What are succulent plants?


Succulent plants grow wild in dry, hot, sunny places.  They have evolved to have very thick leaves which can store water and help they survive long periods of drought. There are a wide range of succulent plants available to grow inside in the UK in Terrariums; they include Aloe, Echeveria, Sedum, Crassula and Haworthia, to name a few!  They are all evergreen and so stay green all year – flowering in the spring or summer.  But not all have green leaves you can buy succulents with silver, pink, grey, red or orange leaves.

Aloe, Sedum, Crassula, Echeveria

Aloe, Sedum, Crassula, Echeveria

Caring for Succulent Plants Indoors

To keep your succulents looking good try to mimic a dessert environment in your terrarium – put them somewhere sunny (but not full sun all day) and don’t give them too much water.  You are more likely to kill them by over watering (and causing rot) rather than under watering them.  Only water them when the soil/sand they are in has completely dried out.  Check this with your fingers.  Then add enough water to soak the soil/sand, but not too much so there is excess water sitting in the terrarium.  Use a baster/syringe or small watering can to direct the water at the soil; try not to wet the leaves.  If in doubt give less water or you’ll drown the plants.  After watering let the soil/sand dry out completely again – usually between 7 & 10 days.

Your succulents will grow during the spring and summer and so need regular watering, but in the winter, when they are dormant, you should leave twice as long between waterings (14 – 20 days).

Keep your terrarium clean by removing any dead leaves and cutting off the flowering stalks when they have finished.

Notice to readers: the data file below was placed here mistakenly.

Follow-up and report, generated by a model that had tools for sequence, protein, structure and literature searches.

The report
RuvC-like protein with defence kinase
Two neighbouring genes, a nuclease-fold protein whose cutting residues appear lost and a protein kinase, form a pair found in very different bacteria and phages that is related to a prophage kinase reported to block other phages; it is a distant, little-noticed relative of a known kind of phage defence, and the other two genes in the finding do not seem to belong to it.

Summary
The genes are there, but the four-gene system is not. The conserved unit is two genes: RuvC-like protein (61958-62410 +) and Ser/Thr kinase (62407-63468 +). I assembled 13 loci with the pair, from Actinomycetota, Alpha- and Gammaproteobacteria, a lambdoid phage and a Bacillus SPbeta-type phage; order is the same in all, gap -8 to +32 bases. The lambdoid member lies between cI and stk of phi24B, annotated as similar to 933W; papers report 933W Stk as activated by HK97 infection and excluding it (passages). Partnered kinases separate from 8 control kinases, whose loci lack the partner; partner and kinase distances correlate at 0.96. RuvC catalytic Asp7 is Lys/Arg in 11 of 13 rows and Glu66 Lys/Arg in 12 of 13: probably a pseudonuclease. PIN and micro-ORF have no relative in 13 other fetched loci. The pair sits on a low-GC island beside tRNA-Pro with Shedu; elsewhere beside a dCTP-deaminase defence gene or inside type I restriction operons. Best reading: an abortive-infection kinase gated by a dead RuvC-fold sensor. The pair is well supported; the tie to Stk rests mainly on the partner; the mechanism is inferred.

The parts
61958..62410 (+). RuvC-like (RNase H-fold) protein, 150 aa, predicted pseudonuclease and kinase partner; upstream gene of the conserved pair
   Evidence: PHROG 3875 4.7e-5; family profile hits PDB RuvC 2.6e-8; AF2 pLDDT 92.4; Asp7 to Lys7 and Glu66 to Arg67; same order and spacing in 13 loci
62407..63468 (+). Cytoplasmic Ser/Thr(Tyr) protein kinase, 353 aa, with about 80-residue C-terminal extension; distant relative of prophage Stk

Watch out for:

  • Elongated stem growth (insufficient light – so put them in a sunnier spot)
  • Brown or crisp foliage (burnt by too much sun – move them to a less hot & sunny place)
  • Shrivelled leaves (insufficient watering)
  • Rotten roots (too much watering)


These plants are slow growing and should be happy in their terrarium for a few years, but when they out-grow the container you can take them out and replant them into a larger glass or ceramic container.  Remember to use a special ‘Cactus or Succulent’ Compost that has good drainage and add grit or sand on the top to prevent the leaves getting wet (try e-cocoProducts.co.uk).


Collecting or growing new Succulents


If you’d like to make more terrariums or increase your collection of plants you can buy from a great selection at surrealsucculents.co.uk.   Or you can propagate your own plants.  Seeds are available online, but it is very easy to create new plants from the leaves of your succulents.

Select a large, healthy leaf from your plant and remove it from the stem using sharp fingernails or small scissors.  Take care not to damage the stem or leaf.

Lie the leaf on a clean piece of white paper and put it somewhere dry, sunny and warm for at least a week.  This allows the end of the leaf to develop a protective layer over the cut.

Then you should lay the leaf on the surface of a shallow tray of Cactus & Succulent compost which has already been watered.  Put the tray in a warm and sunny place and leave it undisturbed for several weeks.  Just check the compost and add a little more water if the surface is dried out, but make sure you don’t disturbs the leaf.  After a several days the leaf will sent out fine, hair-like roots and then start to grow a new plant out of the end of the leaf.

Leave the new plant to grow and develop without disturbing it and when it is at least 1.5cm in diameter you can lift the old leaf and new plant and put them into a small separate pot of Cactus & Succulent Compost.  When the ‘parent’ leaf shrivels you can remove it from the new plant.

If you find that one of your succulents have become to ‘leggy’ with a long, droopy stem (this can happen to Echeverias that don’t have enough sunlight).  You can refresh the plant but cutting off the long stem, removing the lower leaves and leaving it on white paper for at least a week.  When the hair-like roots start to develop along the stem you can replant the stem into a pot of Cactus & Succulent compost so the rosette of leaves is near the surface of the compost again.

Propagating succulents

Propagating Succulent plants from leaves

Terrarium Workshops

I regularly run Terrarium Workshops around Manchester and Lancashire see here for the current dates or get in touch with me to arrange a private Terrarium party or event for a club or group.